Recycled plastic used to resurface Melbourne streets

The City of Melbourne is using plastic previously destined for landfill to resurface five prominent city streets.

According to Lord Mayor Sally Capp, the first road to be re-surfaced with asphalt made with recycled plastic was Flinders Street, with works occurring between Exhibition Street and Spring Street in October.

“We collect 11,000 tonnes of residential recycling each year. Using a mix of plastic to resurface our streets is one way we can support the circular economy and reduce landfill,” Ms Capp said.

“The paving on these historically significant streets will look exactly the same as any other street. The difference is that using plastic in the asphalt creates demand for recycled products.”

Sections of Anderson Street in South Yarra have also been resurfaced, with further works on Alexandra Avenue to be completed this week.

Ms Capp said works will also be completed on sections of Spring Street next year, between Little Collins Street and Little Bourke Street and Flinders Street and Collins Street.

Deputy Lord Mayor Arron Wood said the paving consists of 50 per cent recycled plastics and other recyclable materials such as slag aggregates and recycled asphalt products, with the remaining made of virgin materials.

Mr Wood said the trial will allow the city to assess whether it can use more recycled materials and plastic for road resurfacing.

“The City of Melbourne uses 10,000 tonnes of asphalt annually, and we resurfaced eight kilometres of road last year. This trial will help us understand whether it’s possible to use recycled plastic in more of our major projects,” Mr Wood said.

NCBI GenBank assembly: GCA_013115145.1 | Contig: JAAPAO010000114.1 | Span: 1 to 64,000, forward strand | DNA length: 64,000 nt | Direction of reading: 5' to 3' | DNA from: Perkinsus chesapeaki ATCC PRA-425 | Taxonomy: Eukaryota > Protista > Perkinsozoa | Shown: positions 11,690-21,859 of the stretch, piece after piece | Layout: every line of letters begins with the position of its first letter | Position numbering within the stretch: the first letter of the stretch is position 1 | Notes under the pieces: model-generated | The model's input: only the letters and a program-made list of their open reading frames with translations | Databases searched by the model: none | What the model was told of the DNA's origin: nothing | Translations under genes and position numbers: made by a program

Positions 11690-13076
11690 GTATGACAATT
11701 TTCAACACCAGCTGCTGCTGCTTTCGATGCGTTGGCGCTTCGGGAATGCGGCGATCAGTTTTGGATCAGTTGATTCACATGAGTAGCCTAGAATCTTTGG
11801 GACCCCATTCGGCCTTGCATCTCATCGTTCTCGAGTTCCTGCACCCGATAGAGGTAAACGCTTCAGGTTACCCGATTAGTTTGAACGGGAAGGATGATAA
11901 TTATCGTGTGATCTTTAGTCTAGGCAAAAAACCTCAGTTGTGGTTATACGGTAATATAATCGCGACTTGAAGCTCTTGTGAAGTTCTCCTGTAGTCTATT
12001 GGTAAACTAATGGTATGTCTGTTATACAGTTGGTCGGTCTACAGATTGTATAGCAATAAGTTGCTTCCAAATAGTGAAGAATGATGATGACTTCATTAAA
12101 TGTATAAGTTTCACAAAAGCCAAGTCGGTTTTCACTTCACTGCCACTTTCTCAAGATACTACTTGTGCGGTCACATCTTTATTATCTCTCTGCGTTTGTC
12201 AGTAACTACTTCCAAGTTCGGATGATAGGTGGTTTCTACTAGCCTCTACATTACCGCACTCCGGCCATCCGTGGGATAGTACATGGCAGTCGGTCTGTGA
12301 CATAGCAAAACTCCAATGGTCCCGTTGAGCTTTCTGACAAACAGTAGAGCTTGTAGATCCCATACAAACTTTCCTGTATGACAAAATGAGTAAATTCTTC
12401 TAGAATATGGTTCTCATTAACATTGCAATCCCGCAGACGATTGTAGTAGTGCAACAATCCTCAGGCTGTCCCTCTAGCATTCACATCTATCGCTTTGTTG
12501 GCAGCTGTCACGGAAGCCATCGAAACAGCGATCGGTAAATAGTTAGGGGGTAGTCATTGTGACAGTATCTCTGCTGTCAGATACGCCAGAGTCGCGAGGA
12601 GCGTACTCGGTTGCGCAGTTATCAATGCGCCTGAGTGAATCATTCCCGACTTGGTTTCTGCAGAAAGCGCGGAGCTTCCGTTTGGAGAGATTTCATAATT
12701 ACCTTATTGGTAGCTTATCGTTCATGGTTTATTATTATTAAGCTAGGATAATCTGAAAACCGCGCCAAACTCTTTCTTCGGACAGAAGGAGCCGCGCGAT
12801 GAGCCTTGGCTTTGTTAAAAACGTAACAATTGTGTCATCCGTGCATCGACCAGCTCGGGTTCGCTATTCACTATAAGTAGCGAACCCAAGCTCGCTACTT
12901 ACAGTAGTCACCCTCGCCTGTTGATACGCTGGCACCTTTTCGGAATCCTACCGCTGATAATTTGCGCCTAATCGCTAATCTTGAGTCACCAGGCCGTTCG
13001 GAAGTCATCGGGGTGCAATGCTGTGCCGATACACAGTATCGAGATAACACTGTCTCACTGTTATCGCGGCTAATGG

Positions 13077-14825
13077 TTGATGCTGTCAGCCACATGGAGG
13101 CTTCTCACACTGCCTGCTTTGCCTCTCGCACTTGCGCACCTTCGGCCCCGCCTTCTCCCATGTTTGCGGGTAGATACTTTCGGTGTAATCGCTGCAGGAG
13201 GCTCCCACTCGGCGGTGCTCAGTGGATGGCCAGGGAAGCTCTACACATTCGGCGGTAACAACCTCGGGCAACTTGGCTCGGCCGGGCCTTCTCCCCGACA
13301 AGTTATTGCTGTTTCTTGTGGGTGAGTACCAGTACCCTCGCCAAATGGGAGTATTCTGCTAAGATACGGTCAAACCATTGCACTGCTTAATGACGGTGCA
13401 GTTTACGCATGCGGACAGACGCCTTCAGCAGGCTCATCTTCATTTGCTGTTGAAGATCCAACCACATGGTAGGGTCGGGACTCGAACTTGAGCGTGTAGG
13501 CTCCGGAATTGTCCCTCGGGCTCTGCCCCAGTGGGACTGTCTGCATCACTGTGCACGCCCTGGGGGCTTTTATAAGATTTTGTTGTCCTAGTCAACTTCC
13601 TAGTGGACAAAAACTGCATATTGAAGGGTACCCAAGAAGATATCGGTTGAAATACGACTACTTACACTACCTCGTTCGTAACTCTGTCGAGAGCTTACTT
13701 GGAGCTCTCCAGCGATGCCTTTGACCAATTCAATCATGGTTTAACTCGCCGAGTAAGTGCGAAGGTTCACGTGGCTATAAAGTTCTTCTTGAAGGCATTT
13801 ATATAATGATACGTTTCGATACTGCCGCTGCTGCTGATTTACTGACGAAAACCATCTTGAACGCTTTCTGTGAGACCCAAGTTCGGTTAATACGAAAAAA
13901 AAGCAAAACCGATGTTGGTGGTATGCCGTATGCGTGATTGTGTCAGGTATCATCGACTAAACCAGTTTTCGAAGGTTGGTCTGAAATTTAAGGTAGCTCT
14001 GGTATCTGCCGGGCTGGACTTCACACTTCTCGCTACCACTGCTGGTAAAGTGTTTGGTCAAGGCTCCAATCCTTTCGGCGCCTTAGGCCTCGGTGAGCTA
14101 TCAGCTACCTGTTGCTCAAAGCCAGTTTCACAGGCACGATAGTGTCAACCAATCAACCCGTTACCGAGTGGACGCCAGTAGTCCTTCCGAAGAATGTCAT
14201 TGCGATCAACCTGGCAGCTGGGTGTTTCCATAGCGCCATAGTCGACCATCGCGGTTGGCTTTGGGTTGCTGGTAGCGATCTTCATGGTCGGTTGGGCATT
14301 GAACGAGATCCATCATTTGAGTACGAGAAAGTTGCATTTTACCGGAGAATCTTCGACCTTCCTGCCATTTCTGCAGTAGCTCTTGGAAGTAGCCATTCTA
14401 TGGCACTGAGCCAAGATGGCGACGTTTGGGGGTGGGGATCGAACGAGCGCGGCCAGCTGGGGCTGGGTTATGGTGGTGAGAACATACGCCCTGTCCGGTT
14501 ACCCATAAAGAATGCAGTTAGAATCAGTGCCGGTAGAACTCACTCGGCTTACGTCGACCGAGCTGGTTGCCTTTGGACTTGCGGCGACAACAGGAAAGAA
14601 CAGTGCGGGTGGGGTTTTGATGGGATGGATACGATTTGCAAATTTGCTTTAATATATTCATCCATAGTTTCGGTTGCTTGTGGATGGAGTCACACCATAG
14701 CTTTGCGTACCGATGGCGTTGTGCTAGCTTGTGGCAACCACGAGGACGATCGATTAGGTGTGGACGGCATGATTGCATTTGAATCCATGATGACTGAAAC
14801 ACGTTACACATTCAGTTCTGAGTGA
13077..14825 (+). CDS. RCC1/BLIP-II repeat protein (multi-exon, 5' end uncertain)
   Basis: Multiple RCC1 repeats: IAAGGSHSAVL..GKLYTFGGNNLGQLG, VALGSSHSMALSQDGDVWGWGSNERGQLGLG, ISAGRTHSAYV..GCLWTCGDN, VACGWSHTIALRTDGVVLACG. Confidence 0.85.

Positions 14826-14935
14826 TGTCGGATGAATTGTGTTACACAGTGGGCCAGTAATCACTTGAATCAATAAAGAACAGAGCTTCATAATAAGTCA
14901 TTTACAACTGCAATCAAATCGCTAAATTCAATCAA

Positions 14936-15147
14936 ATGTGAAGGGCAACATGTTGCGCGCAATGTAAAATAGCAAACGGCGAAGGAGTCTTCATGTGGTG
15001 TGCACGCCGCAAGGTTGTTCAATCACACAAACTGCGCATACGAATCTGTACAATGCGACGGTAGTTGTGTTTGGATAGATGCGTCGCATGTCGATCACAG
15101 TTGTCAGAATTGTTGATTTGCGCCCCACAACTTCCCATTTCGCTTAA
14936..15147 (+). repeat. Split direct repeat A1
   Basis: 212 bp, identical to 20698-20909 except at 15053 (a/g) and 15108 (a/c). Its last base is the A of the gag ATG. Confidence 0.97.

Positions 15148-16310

“By using recycled plastic and other recycled materials on our roads we’re creating more sustainable infrastructure and showing there are local markets for recycled materials.”

The trial is a joint initiative from the City of Melbourne, its subsidiary Citywide, and the Citywide North Melbourne Asphalt Plant, with plastic waste sourced from metropolitan Melbourne.

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Ejecting for efficiency: Wastech Engineering

After Citywide developed an operational efficiency plan to boost productivity and payloads, It engaged Wastech Engineering for a new fleet fleet of Clearline Waste Transfer Trailers.

When the City of Melbourne announced it would fast-track the delivery of its Waste and Resource Recovery Strategy in early August, it illustrated a commitment to growing the state’s resource recovery capacity.